Technology and Engineering Education Course Descriptions

      
    PLTW: Introduction to Engineering Design (IED) 
    GRADE LEVEL: 9-12

    Introduction to Engineering is a hands-on course that develops student’s problem solving and critical thinking skills through the design process. In this course, students will use 3D modeling software called AutoDesk Inventor, and will document their work to communicate solutions to peers and members of the professional community. 

    PLTW: Principles of Engineering (POE)
    GRADE LEVEL: 10-12

    Principles of Engineering is a course that exposes students to major concepts they will encounter in postsecondary engineering courses of study. Students will employ scientific concepts in the solution of engineering design problems, as well as developing problem solving and critical thinking skills in terms of mechanisms, energy, statics, materials, and kinematics.

    PLTW: Digital Electronics (DE)
    GRADE LEVEL:  10-12

    Digital Electronics (DE) provides the foundation for all modern electronic devices such as cellphones, MP3 players, laptop computers, video-game systems, and HDTV. The major focus of the DE course is to expose students to electronics laws and concepts, design processes, and engineering standards. Students will gain experience with a variety of hands-on activities including soldering, bread-boarding of circuits, and programming Arduino-based robots. Students will use industry-standard software to plan, simulate, test and troubleshoot various digital logic circuits.

    PLTW: Civil Engineering and Architecture (CE)
    GRADE LEVEL: 9-12

    Civil Engineering and Architecture is a hands-on course where the students will solve problems using real life scenarios that civil engineers and architects face daily.  The students will use 3-D design software to solve problems in the areas of land surveying, water resources & management, environmental issues, soil testing, architectural building design, landscape design, model building and structural strength of materials. 

    PLTW: Computer Science and Software Engineering (CSE)
    GRADE LEVEL: 10-12

    Computer Science and Software Engineering will develop computational thinking skills used to solve practical problems in the real world.  Focus will be placed on object oriented programming environments, specifically the Python language.  Additionally, students will code their own applications for use on provided Android tablets.  Students will also create interactive web 2.0 software working with HTML5, CSS and JavaScript.

    Robotics
    GRADE LEVEL: 9-12

    Robotics has been designed for students who would like to explore the rapidly expanding technologies involved in building, programming, and controlling robots. Through the use of the LEGO MINDSTORMS® robotic kits, the students will build robots that use light, ultrasonic, sound, touch, and motion sensors to perform a variety of tasks. TETRIX®, an aluminum construction set, and RC controllers are introduced to the students to build stronger and more powerful robots. These robots require coding in the language RobotC.  The course parallels Carnegie Mellon University’s Robotics Academy.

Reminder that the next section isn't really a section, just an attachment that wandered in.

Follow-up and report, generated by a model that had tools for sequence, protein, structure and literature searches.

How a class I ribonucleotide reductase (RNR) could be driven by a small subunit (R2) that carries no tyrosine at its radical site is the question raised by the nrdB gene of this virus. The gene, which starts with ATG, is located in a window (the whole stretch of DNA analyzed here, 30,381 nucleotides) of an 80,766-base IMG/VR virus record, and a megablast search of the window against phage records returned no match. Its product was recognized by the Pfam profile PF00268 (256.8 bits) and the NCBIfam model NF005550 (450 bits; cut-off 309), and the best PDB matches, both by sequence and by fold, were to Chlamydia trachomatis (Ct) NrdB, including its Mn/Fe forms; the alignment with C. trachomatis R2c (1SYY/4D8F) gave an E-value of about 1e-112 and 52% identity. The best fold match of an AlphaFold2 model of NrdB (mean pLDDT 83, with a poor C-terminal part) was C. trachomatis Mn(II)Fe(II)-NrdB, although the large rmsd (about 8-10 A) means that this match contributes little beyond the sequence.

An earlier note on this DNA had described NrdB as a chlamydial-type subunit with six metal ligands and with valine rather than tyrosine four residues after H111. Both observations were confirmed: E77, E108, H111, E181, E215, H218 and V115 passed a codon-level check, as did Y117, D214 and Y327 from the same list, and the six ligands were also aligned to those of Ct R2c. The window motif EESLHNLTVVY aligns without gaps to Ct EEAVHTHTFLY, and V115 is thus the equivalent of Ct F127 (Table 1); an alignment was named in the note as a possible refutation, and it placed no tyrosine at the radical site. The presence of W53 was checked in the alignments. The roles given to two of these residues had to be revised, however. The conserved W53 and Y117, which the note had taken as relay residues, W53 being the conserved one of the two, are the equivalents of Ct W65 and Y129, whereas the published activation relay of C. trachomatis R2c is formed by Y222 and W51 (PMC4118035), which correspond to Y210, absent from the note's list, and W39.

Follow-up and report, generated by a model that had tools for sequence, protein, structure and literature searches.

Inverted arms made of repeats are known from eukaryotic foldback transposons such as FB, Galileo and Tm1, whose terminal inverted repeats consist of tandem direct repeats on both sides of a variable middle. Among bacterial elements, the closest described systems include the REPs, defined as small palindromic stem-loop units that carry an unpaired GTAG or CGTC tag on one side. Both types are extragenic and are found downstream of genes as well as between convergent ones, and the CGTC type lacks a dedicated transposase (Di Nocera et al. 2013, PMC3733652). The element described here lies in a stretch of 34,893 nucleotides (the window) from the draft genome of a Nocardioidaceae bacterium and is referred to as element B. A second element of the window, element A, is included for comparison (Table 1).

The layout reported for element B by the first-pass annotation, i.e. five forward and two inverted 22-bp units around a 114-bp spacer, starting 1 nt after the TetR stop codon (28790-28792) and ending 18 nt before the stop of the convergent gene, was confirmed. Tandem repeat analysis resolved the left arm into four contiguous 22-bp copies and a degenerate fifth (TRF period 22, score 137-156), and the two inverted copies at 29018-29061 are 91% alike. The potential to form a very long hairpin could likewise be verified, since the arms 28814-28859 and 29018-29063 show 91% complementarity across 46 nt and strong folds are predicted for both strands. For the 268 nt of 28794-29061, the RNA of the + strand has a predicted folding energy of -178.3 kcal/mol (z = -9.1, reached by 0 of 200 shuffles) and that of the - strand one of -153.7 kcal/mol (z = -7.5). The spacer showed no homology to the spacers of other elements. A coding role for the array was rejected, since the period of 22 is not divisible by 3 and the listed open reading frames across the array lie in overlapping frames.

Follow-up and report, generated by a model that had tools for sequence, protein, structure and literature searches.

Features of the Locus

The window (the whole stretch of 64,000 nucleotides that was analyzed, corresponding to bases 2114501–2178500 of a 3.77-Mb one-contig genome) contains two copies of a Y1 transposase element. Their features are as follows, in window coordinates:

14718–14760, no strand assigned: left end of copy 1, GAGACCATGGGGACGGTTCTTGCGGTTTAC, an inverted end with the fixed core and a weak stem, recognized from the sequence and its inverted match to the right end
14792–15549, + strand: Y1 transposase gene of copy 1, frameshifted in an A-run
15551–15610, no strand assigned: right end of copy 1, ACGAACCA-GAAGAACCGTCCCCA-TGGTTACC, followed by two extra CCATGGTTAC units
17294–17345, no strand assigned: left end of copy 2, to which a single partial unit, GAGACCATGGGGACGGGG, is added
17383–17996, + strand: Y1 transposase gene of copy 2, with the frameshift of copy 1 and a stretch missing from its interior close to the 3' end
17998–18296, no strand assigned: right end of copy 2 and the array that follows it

Our Mathematics curriculum provides advanced placement opportunities for students. Math is at the core of many of the calculations as well as the analytical and problem solving nature of science, technology and engineering challenges and lab activities faced by our students.

     

    • Advanced Placement Statistics course exposes students to four major statistical themes: Exploring Data, Sampling and Experimentation, Anticipating Patterns, and Statistical Inferencing. This accelerated statistics class prepares students for taking the recommended Advanced Placement Statistics Examination.

     

    • Advanced Placement Calculus is an accelerated Calculus course and will cover all the topics included in an Advanced Placement program. It is recommended that students taking this course take the Advanced Placement Calculus AB Examination.

     

    • Advanced Placement Computer Math Java is an advanced course in Java emphasizing programming methodology and functional abstraction, including the study of algorithms, data structures, and data manipulation with respect to the APCS Java subset. Topics of the AP Computer Science curriculum, Level A and AB will be examined. It is recommended that students taking this course take the Advanced Placement examination in computer science at the end of this course.

    Our Business Computers and Information Technology (BCIT) curriculum is connected to STEM education as summarized below--current classroom teaching and plans for the 2015 – 2016 school year.
     
    - Information Technology 1 is a Microsoft Excel course where students learn to transfer and manipulate data into database, spreadsheet and chart format.  Students apply Excel functions to interpret, filter and generate desired output.  Students also learn how to produce reports that correctly show data supporting an intended message.
     
    - Information Technology 2 is an advanced Microsoft Excel course that builds expert skills.  Advanced skills involving functions, formulas, validation, lookups, integration and multi-page projects are covered, as well as a unit in Microsoft Access.  Students completing this course are expected to be prepared to take the Microsoft Certification Test in Excel and the department hopes to be a testing site for the 2015-2016 school year and beyond.